Service members at risk for credit fraud, ID theft, senators say

Nineteen U.S. senators say they want the Pentagon to provide more information to service members on how to protect their credit ratings, and prevent identity theft, while deployed overseas.

The senators recently sent a letter to Secretary of Defense Aston Carter with questions about what the military is doing to protect service members financial well-being.

More than 2,000 Ohioans in the military are deployed overseas who “often face significant risks to their finances and their credit reports while they’re on deployment,” U.S. Sen. Sherrod Brown said in a conference call Wednesday with reporters.

While deployed, military service members may have difficulty managing financial accounts and protecting their identity and could face “being targeted by predatory lenders,” said Brown, D-Ohio, who was among those who signed the letter.

“A single missed payment, for example, can have the potential to balloon into major problems that threaten financial well being,” he said. “Our men and women in uniform make enough sacrifices for our country as do their families. their credit rating should not be one of those sacrifices.”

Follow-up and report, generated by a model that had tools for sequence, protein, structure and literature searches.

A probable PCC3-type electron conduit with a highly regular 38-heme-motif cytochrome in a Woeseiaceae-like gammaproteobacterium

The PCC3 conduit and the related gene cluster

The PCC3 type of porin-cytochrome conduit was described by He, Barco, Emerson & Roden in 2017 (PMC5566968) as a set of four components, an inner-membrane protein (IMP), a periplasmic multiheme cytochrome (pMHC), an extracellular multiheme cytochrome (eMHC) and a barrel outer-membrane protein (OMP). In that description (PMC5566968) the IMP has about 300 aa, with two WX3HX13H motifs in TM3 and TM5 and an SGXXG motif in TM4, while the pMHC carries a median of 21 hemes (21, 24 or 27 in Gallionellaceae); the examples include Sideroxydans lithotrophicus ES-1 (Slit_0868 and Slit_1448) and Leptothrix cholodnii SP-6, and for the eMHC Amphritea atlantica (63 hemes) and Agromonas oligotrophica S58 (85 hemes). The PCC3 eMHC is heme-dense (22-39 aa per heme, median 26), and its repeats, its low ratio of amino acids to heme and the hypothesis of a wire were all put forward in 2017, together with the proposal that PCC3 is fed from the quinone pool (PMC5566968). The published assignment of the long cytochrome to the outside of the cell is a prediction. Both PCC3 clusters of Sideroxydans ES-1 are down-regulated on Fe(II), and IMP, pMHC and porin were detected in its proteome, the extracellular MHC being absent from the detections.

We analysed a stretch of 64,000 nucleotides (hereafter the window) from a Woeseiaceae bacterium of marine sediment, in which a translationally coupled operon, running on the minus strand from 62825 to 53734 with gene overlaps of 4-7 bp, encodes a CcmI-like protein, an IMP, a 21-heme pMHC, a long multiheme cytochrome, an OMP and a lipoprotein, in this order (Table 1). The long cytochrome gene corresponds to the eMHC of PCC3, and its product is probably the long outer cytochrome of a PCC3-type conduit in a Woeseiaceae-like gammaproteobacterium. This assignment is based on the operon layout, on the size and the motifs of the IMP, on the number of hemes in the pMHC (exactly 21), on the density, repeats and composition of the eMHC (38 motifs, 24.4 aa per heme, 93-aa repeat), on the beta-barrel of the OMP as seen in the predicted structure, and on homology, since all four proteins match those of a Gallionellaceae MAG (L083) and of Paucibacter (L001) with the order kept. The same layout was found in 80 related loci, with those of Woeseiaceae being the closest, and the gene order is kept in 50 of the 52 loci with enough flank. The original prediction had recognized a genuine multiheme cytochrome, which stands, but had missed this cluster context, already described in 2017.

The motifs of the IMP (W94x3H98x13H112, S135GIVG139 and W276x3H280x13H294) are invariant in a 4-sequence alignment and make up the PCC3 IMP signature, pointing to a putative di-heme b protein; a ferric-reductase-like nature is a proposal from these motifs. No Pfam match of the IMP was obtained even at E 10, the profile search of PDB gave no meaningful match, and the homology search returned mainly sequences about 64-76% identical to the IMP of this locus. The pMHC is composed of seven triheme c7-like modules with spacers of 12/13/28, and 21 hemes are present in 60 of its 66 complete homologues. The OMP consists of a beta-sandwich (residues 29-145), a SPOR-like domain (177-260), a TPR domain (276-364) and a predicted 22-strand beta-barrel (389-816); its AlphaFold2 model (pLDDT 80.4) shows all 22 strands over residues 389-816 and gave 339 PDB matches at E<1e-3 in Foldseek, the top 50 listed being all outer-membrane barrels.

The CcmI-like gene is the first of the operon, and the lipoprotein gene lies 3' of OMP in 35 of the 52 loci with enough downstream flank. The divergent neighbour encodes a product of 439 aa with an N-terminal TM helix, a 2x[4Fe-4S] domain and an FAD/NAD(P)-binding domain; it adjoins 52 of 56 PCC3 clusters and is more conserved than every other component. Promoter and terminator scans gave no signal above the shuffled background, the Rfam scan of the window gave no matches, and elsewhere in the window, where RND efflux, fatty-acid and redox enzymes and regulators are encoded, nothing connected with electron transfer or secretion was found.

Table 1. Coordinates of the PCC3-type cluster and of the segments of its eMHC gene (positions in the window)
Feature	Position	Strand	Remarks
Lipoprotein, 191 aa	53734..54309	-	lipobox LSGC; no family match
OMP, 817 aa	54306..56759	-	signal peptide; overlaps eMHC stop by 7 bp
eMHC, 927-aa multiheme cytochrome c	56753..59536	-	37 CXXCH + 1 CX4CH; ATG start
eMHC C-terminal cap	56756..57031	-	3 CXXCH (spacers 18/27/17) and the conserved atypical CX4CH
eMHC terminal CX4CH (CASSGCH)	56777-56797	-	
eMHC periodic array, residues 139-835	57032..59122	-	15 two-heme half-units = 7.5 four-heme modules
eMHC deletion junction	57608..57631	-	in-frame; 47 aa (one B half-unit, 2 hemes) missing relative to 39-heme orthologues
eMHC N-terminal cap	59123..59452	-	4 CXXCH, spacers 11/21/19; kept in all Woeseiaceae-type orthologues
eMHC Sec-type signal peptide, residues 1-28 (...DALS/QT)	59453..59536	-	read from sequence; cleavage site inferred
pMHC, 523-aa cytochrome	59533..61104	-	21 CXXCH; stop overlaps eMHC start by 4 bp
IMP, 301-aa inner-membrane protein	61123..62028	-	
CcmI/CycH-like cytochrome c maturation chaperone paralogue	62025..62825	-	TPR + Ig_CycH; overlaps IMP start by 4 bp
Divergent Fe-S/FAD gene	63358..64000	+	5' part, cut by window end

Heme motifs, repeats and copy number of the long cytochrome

Brown has co-sponsored the Military Families Credit Reporting Act, which would allow a service member to detail on credit reports why a payment was missed or late because of a deployment.

The Consumer Financial Protection Bureau has said more than 650 service members have submitted complaints about problems with their credit reports since October 2012, but fewer than 1 percent placed an “active duty alert” or security freeze on their credit reports while deployed, officials said.

CFPB reported service members have filed 30,000 complaints with the agency about consumer financial issues since July 2011.

“Active Duty Alerts and security freezes offer service members an important first line of defense against fraud and identity theft,” Thomas Feltner, Consumer Federation of America director of financial services, said in a statement.

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